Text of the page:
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Medicine » Obstetrics and Gynecology » "Colposcopy and Cervical Pathology", book edited by Rajamanickam Rajkumar, ISBN 978-953-51-3538-8, Print ISBN 978-953-51-3537-1, Published: September 20, 2017 under CC BY 3.0 license. © The Author(s).

Chapter 1

Introductory Chapter: Colposcopy and Cervical Pathology in Cervical Cancer Screening Programs: Resource Effectiveness, Concepts, and Models of “Raj”©

By Rajamanickam Rajkumar
DOI: 10.5772/intechopen.69692

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Introductory Review Chapter: Colposcopy and Cervical Pathology in Cervical Cancer Screening Programs: Resource Effectiveness, Concepts, and Models of “Raj”©

Rajamanickam Rajkumar
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1. Introduction

The author is pleased to share his experiences, the concepts, and models he evolved, during his role as the Principal Investigator of large-scale, cervical cancer screening programs, and Human Papillomavirus—HPV prevalence studies, in Tamil Nadu, India, during early 2000.

The resources available in any setting, region, community, and country need prudent management. Cost effectiveness and cost benefit are important strategies in health economics. Improving on these, the author introduces a strategy “Resource Effectiveness,” to be considered by the healthcare systems in general and healthcare planners in particular.

The research articles in this book, constructively contribute to the globally important topic “Colposcopy and Cervical Pathology,” especially in the context of cervical cancer screening programs, in low and limited resource settings. The two important services are yet to be planned for ideal use and optimum benefit. “Poverty in Abundance” situations are not uncommon. The author is pleased to make efforts for both ends to meet. The philosophy of “Lighted to Lighten” is applied for the beneficiary community and health system research. Sparking strategies, current concepts, and modifiable models are presented for the benefit of science globally and society worldwide.

I am greatly privileged to be the editor and also write this introductory review chapter as one of the team members to enrich and support the noble efforts of the INTECH publishers and esteemed authors. The concepts and models, recommended here, are to be appropriated to suit individual situations, but the objective of this endeavor is to achieve the targets set by the “Cervical cancer prevention programs” in all settings, universally.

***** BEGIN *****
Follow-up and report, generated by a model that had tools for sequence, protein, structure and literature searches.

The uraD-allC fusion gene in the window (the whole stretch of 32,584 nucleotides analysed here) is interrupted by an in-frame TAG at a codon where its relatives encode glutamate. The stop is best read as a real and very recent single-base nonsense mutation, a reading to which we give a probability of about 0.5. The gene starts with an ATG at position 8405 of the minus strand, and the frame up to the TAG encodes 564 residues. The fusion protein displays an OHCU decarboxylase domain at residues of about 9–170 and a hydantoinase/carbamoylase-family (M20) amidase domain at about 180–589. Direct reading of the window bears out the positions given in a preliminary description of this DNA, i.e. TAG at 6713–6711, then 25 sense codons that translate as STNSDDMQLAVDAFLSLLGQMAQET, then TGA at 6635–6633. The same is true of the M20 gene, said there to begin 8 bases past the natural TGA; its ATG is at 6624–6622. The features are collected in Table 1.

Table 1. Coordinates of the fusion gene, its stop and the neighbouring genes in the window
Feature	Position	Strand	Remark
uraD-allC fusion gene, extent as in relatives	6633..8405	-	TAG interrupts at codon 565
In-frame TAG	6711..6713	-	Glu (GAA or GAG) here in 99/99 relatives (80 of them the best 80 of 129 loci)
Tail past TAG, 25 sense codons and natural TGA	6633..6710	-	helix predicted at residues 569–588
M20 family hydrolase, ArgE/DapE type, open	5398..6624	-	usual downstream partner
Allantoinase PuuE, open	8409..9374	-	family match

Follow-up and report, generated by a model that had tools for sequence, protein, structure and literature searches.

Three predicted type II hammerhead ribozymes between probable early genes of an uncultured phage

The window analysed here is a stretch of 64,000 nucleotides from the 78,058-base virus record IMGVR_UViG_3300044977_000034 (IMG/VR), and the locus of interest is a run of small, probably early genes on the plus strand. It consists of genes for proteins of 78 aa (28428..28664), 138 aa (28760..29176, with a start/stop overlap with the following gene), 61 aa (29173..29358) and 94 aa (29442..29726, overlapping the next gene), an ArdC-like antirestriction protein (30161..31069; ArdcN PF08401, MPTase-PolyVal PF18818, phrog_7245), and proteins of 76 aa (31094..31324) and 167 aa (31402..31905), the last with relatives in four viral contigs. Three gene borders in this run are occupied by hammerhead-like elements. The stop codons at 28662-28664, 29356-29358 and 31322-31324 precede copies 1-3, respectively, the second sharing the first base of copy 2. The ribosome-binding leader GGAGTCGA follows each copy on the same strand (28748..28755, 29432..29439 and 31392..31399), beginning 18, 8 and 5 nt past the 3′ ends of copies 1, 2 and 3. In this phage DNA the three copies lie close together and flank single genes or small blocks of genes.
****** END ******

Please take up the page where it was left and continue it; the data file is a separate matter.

2. Concept 1: “RAM of RAJ for Resource effectiveness”

The resources as conceived by the experience of the author are classified as T12 and means of achieving effectiveness for each resource input is explained. This model is called Resource Appropriate Management—RAM of Raj.

2.1. Resource appropriate management

(1)TimeSingle visit approach
(2)TalentCreate local manpower
(3)TeamCommunity health volunteers
(5)TechniqueIntegrated with available primary health care
(6)TechnologySimple, affordable, e.g., via portable
Colposcope cryotherapy—cold coagulation
Affordable, acceptable, available
(7)TechnologistOut sourcing contracts, part timers, volunteers from existing government hospitals, medical schools, and private and medical institutions
(8)Technology transferHemostats like silver nitrate crystals can be used instead of Monsel’s paste, which is expensive and not available in many countries, during LEEP/LLETZ
(9)Trainings at homeTraining programs at project sites and not abroad
(10)Training placesLocal establishment and in medical schools, government hospitals, E-learning
(11)Translational researchGlobal health researches for inputs and research collaboration with local medical institutions
(12)Task and talkAdvocacy and fund raising

3. Concept 2: “RISES” model of RAJ—for effective screening

Cervical cancer prevention—by Raj’s “RISES” model.

3.1. Raj’s interactive squares for effective screening—RISES model

The prevention strategies for cervical cancer are based on four levels and three stages, for all the intervention principles.

The four levels are as follows:

  1. Primordial prevention

  2. Primary prevention

  3. Secondary prevention

  4. Tertiary prevention

The three stages are as follows:

  1. Individual stage

  2. Family stage

  3. Community stage

The interactions of these are presented in the 16-square table below.

Stage 1Stage 2Stage 3
Level 1Primordial prevention
Prevention of risk factors
Teenage girls—education about HPV infections and need for HPV vaccinationEducation about HPV to all women in the household
Condom use as a preventive measure for HPV transmission
HPV vaccination for eligible women
Participation in HPV/CaCx screening programs
Schools—education to teenage girls about menstrual hygiene, sexual hygiene
Protection with HPV vaccination for eligible girls
Plan and implement HPV/CaCx screening programs
Level 2Primary prevention
Health promotion specific protection
To attend HPV/Ca Cx screening programs